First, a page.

Live Review: The Twilight Singers at The Masquerade in Atlanta, 5/5/11
Greg Dulli is the man. The man, that is, in charge of his band, his sound, and his life. That was not the case a few short years ago. After enjoying success with his grungy Afghan Whigs in the nineties, he joined the ranks of the lost with an alcohol and cocaine binge that is still talked about. But he has come through it wiser, more focused, and maybe a tad bit darker. The new Twilight Singers album, Dynamite Steps, is a fine set of songs that has brought Dulli once again to the forefront of respected musicians. And of course, there’s the voice. The gruff, sometimes scream of a voice exhibits emotion that few others only dream of putting on a record.
The first single from Dynamite Steps is “On The Corner,” a wonderful amalgam of a song that sounds like all the ingredients from his tumultuous life have been mixed in. It is, however, an excellent track which showcases his terrific band, his guitar skills, and again, that voice.
He also is a perfectionist. From his attire (all black), to his directions to the band, then to the audience (“Gotta turn those flashes off. Blinding me!”). And after that, not another camera flashed. Stories of Dulli jumping off stage to beat down some big mouth have been circulated quite frequently. He could be compared with Morrissey, who has the same personality, wears similar clothing, and sings about his inner demons, only with a British accent. He is also a fan of the covers. On at least four occasions, he gave the fans a mash up. When he began singing the Beatles’ “All You Need Is Love” then transitioned into Twilight’s “Love” from 2000, it worked wonderfully. Most people do not realize that Dulli provided the singing voice of John Lennon in the Hamburg-era Beatles movie Backbeat. Love Affair’s 1968 hit “Everlasting Love” was mixed with “Esta Noche,” and done quite well. During “The Killing,” Dulli sang a few bars of Echo and the Bunnymen’s “The Killing Moon.” Incidentally, Ian McCulloch and the Bunnymen were playing upstairs at the Masquerade (“Heaven”) this very evening. Dulli and the boys were content to play the smaller, more aptly-named downstairs club (“Hell”). And what would any rock show be without a snippet of Pink Floyd’s “The Wall.”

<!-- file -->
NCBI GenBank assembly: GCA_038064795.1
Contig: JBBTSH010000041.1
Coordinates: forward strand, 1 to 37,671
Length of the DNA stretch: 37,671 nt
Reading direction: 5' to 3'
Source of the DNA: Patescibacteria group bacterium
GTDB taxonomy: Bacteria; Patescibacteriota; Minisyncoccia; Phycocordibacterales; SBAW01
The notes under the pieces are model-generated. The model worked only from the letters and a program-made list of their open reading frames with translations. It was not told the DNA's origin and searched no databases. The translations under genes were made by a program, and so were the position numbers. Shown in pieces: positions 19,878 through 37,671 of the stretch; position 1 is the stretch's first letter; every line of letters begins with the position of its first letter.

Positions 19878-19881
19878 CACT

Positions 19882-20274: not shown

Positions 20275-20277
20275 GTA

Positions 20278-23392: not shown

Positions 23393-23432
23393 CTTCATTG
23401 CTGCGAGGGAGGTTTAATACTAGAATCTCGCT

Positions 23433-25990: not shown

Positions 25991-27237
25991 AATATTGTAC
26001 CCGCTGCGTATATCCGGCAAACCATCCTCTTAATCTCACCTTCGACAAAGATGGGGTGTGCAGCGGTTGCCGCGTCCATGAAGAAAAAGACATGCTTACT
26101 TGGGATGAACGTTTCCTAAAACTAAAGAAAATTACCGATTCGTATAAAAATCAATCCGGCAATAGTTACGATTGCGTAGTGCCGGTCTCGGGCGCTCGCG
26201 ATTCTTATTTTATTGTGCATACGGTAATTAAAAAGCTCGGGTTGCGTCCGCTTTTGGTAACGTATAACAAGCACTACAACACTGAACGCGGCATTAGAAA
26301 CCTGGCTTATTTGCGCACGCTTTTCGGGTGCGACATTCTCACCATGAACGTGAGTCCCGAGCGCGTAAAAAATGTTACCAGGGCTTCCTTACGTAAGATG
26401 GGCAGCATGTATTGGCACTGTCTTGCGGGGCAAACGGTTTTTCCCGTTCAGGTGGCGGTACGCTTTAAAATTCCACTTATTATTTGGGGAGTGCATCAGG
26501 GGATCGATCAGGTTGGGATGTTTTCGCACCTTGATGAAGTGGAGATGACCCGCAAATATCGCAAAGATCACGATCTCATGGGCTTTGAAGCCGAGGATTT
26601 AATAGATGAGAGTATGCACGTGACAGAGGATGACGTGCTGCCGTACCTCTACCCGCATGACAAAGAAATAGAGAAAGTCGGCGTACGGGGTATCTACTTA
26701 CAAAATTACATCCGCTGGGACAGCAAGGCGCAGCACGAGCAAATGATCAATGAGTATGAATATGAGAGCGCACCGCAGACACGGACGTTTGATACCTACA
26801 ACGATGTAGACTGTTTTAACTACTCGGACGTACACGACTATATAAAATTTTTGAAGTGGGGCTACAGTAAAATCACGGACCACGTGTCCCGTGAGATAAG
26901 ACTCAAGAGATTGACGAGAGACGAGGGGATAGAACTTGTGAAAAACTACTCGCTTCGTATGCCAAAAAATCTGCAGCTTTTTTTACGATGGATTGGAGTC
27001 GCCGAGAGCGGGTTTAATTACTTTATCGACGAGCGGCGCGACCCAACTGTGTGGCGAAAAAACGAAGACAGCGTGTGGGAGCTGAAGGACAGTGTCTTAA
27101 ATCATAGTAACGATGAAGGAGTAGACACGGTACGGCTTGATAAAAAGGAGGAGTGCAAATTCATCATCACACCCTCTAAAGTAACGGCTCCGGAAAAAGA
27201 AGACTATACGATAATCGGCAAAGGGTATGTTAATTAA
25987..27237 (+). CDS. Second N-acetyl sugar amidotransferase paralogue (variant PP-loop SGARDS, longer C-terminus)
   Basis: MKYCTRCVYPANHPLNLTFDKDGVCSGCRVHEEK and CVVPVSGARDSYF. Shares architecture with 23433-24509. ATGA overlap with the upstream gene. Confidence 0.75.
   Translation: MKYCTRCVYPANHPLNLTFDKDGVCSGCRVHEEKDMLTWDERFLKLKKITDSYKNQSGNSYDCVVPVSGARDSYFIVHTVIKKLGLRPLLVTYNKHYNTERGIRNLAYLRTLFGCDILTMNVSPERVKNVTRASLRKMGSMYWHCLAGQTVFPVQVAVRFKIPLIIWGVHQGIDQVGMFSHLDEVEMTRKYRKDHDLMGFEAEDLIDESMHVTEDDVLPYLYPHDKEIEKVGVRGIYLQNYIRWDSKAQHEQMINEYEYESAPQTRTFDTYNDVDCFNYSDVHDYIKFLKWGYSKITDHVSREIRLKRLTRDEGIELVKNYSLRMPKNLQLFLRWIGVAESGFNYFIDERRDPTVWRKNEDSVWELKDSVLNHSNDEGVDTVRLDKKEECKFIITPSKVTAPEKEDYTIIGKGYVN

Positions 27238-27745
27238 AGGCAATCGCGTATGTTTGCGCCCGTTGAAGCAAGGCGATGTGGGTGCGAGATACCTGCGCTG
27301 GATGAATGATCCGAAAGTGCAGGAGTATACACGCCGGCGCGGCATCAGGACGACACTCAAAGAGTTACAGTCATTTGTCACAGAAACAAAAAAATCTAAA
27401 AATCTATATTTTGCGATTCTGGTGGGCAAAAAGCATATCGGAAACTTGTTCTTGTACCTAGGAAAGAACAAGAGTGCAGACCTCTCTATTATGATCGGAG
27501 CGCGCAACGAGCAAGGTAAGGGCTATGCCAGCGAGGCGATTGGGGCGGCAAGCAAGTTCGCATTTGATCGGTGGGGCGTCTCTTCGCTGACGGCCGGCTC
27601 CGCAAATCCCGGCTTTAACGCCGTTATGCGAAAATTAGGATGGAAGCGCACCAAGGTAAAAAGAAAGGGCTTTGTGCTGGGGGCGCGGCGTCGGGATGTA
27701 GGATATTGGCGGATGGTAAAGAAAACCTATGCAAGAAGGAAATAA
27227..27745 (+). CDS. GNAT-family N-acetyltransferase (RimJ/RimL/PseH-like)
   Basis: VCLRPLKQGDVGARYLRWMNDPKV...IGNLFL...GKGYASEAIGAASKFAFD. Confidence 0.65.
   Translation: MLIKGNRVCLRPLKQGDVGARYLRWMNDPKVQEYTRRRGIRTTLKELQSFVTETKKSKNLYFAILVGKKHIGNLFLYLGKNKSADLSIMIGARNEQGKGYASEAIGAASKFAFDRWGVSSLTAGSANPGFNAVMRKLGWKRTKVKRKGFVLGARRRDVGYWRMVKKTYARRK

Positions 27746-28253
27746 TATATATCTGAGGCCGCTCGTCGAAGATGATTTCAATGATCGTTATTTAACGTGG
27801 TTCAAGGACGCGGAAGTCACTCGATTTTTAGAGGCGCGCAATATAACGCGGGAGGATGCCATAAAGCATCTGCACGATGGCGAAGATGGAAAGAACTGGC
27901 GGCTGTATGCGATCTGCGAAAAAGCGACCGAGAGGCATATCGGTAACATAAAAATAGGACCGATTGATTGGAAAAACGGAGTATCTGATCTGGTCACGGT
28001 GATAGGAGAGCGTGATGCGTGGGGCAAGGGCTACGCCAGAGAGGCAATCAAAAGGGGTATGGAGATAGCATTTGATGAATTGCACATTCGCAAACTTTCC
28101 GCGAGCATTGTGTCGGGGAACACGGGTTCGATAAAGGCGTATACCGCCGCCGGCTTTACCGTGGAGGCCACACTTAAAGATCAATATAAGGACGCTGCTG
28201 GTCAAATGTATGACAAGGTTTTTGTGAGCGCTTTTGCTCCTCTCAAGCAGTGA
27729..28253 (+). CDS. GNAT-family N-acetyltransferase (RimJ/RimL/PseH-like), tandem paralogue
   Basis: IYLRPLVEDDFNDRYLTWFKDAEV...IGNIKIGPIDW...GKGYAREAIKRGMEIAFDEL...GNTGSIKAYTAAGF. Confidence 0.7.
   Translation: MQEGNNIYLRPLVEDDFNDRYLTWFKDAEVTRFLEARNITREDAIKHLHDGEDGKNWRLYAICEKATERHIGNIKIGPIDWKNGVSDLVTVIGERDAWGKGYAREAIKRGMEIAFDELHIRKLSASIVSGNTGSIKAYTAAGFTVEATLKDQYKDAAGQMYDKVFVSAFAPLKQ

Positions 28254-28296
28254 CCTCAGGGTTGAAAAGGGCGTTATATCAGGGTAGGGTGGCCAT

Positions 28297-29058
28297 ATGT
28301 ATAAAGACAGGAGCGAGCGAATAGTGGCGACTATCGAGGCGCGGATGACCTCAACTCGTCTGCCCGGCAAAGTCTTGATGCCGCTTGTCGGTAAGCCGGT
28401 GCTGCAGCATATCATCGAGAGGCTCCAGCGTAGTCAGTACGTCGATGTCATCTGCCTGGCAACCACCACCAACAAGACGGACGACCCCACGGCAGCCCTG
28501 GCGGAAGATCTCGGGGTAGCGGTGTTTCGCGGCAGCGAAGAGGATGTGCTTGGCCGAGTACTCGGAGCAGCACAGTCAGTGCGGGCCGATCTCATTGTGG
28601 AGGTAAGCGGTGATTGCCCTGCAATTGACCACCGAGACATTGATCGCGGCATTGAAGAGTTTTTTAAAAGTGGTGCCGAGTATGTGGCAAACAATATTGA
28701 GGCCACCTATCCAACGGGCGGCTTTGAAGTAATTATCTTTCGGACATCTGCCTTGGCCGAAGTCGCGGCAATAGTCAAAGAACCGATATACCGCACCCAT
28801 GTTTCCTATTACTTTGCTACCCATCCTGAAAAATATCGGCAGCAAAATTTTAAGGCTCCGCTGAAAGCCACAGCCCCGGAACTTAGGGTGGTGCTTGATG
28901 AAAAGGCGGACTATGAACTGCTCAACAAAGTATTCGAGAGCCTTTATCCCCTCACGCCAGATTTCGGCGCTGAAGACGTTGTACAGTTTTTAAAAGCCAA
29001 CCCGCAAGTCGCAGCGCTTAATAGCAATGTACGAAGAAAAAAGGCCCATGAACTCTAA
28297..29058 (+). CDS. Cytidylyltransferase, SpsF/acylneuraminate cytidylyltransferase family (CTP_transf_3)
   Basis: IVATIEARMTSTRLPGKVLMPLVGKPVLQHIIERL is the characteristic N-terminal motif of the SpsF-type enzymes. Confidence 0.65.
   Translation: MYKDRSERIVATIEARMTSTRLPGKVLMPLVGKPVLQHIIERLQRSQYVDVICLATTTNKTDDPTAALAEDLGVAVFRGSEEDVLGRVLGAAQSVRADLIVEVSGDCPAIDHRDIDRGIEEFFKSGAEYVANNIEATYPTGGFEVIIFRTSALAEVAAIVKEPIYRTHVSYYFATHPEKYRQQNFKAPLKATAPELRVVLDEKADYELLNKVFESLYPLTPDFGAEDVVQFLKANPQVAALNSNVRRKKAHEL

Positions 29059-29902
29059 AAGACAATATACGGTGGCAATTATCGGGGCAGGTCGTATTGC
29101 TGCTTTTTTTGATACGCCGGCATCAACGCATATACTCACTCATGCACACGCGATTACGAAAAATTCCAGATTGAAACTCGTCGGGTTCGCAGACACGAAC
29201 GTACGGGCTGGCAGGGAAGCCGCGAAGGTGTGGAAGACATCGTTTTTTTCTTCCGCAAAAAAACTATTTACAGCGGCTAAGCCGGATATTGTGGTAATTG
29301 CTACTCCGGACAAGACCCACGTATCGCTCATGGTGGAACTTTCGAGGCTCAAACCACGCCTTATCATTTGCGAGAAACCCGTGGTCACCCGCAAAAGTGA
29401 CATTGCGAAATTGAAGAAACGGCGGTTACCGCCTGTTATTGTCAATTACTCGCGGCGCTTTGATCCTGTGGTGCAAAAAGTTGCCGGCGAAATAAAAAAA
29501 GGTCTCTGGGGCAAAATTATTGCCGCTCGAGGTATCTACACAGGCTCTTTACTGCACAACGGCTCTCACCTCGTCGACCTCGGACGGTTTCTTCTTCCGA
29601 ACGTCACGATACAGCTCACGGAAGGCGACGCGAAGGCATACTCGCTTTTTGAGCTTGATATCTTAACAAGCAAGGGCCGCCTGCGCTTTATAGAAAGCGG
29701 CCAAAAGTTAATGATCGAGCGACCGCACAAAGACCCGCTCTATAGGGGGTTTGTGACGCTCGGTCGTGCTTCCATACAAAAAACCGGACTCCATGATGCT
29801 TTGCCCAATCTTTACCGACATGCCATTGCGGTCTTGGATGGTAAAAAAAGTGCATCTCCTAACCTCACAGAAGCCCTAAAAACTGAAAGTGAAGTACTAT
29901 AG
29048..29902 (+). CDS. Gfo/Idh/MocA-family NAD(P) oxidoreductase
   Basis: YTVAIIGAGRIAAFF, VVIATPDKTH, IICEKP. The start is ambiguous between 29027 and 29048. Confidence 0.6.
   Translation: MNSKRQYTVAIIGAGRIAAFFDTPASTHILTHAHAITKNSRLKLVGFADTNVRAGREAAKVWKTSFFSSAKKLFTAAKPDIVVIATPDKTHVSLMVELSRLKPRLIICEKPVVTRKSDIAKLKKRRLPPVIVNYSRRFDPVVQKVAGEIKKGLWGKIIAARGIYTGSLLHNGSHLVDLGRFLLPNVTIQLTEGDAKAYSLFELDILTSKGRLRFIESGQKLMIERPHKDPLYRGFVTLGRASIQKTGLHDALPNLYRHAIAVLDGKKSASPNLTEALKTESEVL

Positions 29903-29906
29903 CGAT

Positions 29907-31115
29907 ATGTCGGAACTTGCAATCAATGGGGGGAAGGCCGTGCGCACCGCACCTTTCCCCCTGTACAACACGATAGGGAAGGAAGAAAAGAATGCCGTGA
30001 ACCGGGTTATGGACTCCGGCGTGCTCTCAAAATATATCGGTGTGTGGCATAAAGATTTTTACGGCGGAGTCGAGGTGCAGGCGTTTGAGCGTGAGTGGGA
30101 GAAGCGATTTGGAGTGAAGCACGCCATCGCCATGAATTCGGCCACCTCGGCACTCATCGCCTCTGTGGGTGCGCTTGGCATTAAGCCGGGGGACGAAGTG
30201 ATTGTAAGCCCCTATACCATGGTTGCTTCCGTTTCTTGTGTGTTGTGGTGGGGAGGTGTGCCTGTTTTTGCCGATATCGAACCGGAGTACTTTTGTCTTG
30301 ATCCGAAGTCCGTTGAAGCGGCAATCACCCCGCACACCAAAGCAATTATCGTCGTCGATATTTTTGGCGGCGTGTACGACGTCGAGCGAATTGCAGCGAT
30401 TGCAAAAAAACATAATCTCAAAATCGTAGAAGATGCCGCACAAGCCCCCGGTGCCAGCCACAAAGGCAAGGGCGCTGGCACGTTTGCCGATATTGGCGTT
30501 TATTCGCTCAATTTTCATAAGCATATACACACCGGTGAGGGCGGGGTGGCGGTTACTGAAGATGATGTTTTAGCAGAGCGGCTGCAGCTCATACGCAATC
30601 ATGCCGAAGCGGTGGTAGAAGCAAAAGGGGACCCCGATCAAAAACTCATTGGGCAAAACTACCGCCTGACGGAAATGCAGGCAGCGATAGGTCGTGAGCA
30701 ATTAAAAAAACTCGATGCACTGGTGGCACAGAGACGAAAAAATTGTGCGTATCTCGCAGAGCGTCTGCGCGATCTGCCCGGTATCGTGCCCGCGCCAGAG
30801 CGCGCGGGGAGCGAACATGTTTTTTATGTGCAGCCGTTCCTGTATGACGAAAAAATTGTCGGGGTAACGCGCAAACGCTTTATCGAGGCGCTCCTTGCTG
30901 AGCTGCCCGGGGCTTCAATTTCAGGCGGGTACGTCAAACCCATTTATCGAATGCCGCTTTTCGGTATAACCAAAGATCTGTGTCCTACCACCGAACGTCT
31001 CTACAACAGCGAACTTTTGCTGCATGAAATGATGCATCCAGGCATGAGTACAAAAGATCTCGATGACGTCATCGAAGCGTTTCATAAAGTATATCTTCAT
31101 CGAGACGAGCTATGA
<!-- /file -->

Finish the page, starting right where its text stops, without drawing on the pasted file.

The evening was filled with a perfect balance of Twilight Singers and Afghan Whigs tunes. The fan base was strong and Dulli was on top of his game in all aspects. He started off the show by saying, “Good evening, Hell,” and it only got better from that point. Other song highlights included “Gunshots,” “Teenage Wristband,” “Last Night In Town,” and “Get Lucky.”
Opening the show were Margot and the Nuclear So and So’s touring in support of their lastest album Buzzard. The Indianapolis band provided a great rock intro to the night and it was apparent that their fans were in the house.
For more information and to catch this hot tour, go to www.thetwilightsingers.com.
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